Remote ischaemic conditioning (RIC) has been developed as a neuroprotective strategy to prevent and treat ischaemic stroke. It usually involves restricting blood flow to limbs and then releasing the ischaemic blood to promote a neuroprotective effect. Preclinical studies have suggested that RIC may have beneficial effects in ischaemic stroke patients and those at risk of ischaemic stroke. However, existing evidence is insufficient to demonstrate the efficacy and safety of RIC in preventing and treating ischaemic stroke.
To assess the benefits and harms of RIC for preventing ischaemic stroke and for treating people with ischaemic stroke and those at risk for ischaemic stroke.
We searched the Cochrane Stroke Group Trials Register (16 January 2018), the Cochrane Central Register of Controlled Trials (CENTRAL; 2017, Issue 12) in the Cochrane Library (January 2018), MEDLINE Ovid (1946 to January 2018), Embase Ovid (1974 to January 2018), Web of Science Core Collection (1950 to January 2018) and three Chinese databases (January 2018). We also searched four ongoing trials registers, reference lists, and conference proceedings.
We included randomised controlled trials (RCTs) comparing RIC with sham RIC or medical management in people with ischaemic stroke or at risk of ischaemic stroke.
Data collection and analysis
Two review authors independently selected studies, assessed trial quality and risk of bias, and extracted data. We used the GRADE approach to assess the quality of the evidence.
We included seven trials, involving 735 participants, in this review. We analysed the effects of RIC on preventing and treating ischaemic stroke respectively.
We evaluated risk of bias and judged it to be low for generation of allocation sequence in six studies and unclear in one study; unclear for allocation concealment in four studies and low in three studies; high for incomplete outcome data (attrition bias) in five studies and low in two studies; high for blinding in three studies and low in four studies; low for selective reporting; and high for other sources of bias in six studies and low in one study.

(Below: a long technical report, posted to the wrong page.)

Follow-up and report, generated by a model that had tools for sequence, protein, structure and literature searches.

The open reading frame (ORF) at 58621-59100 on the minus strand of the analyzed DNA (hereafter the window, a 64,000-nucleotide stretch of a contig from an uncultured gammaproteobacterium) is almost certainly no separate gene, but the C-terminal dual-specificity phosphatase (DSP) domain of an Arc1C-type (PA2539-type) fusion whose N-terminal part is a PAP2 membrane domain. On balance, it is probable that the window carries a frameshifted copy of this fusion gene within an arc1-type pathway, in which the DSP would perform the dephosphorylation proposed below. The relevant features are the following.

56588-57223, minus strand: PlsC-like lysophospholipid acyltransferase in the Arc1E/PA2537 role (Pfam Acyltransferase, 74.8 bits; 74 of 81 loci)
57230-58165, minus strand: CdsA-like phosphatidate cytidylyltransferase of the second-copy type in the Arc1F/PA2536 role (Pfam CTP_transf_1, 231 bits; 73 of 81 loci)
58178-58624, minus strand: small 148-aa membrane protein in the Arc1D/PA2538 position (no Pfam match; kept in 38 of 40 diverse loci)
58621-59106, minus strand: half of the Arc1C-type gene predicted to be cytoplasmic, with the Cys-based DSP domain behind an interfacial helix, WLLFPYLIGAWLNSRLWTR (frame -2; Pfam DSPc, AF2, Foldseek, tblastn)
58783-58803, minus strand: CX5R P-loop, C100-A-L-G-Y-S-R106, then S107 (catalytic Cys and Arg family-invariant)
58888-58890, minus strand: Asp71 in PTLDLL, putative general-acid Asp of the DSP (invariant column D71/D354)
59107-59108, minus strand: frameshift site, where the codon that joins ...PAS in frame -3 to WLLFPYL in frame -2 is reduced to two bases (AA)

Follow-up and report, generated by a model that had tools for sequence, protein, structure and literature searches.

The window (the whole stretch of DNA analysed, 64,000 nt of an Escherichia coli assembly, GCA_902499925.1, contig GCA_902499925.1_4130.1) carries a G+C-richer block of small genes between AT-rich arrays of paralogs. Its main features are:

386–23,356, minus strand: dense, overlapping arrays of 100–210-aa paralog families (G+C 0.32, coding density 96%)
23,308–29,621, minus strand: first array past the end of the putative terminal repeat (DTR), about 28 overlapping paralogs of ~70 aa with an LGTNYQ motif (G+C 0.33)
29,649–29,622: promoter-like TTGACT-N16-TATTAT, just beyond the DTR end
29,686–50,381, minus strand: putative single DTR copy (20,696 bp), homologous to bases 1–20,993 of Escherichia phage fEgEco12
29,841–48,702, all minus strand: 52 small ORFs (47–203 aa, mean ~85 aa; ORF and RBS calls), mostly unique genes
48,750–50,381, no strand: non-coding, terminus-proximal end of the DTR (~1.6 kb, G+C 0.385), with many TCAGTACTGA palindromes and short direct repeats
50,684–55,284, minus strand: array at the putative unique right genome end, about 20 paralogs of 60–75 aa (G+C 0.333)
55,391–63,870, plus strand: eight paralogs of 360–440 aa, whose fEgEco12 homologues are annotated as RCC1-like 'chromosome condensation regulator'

We included three trials (involving 371 participants) in the analysis of the effects of RIC on ischaemic stroke prevention. In people with symptomatic intracerebral artery stenosis, recurrent stroke was significantly reduced by RIC (risk ratio (RR) 0.32, 95% confidence interval (CI) 0.12 to 0.83; 2 trials, 182 participants, low-quality evidence). In people with carotid stenosis undergoing carotid stenting, there was no significant difference in the incidence of ischaemic stroke between participants treated with RIC and non-RIC (RR 0.22, 95% CI 0.01 to 4.03; 1 trial, 189 participants, low-quality evidence); however the stroke severity (assessed by infarct volume) was significantly lower in participants treated with RIC (mean difference (MD) -0.17 mL, 95% CI -0.23 to -0.11; 1 trial, 189 participants, low-quality evidence). Adverse events associated with RIC were significantly higher in participants treated with RIC (RR 10.91; 95% CI 2.01 to 59.28; 3 trials, 371 participants, low-quality evidence), but no severe adverse event was attributable to RIC treatment. No participants experienced death or cardiovascular events during the period of the studies; and no trial reported haemorrhagic stroke or improvement in neurological, phycological or cognitive impairment.
We included four trials (involving 364 participants) in the analysis of the effects of RIC on ischaemic stroke treatment. In acute ischaemic stroke, for people receiving intravenous thrombolysis, the rate of death or dependency was significantly increased by RIC treatment compared with non-RIC treatment (RR 2.34; 95% 1.19 to 4.61; 1 trial, 285 participants, low-quality evidence). In people with acute ischaemic stroke, there was no significant difference between RIC and non-RIC for reducing stroke severity as assessed by the National Institutes of Health Stroke Scale score and the final infarct volume (standardised mean difference (SMD) -0.24 mL, 95% CI -1.02 to 0.54; 2 trials, 175 participants, very low quality evidence). There was no significant difference between RIC and non-RIC for improving the psychological impairment (SMD -0.37 points, 95% CI -1.15 to 0.41; 1 trial, 26 participants, very low quality evidence) and the cognitive impairment (SMD -0.26 points; 95% CI -0.72 to 0.21; 3 trials, 79 participants, low-quality evidence) in people with acute ischaemic stroke and cerebral small vessel disease. No trial reported ischaemic stroke, recurrent ischaemic stroke, improvement in neurological impairment, hemorrhagic stroke, cardiovascular events, and RIC associated adverse events.
We found low-quality evidence that RIC may reduce the risk of recurrent stroke in participants with intracerebral artery stenosis and reduce stroke severity in participants undergoing carotid stenting, but it may increase death or dependence in participants with acute ischaemic stroke who are undergoing intravenous thrombolysis. However, there is considerable uncertainty about these conclusions because of the small number of studies and low quality of the evidence.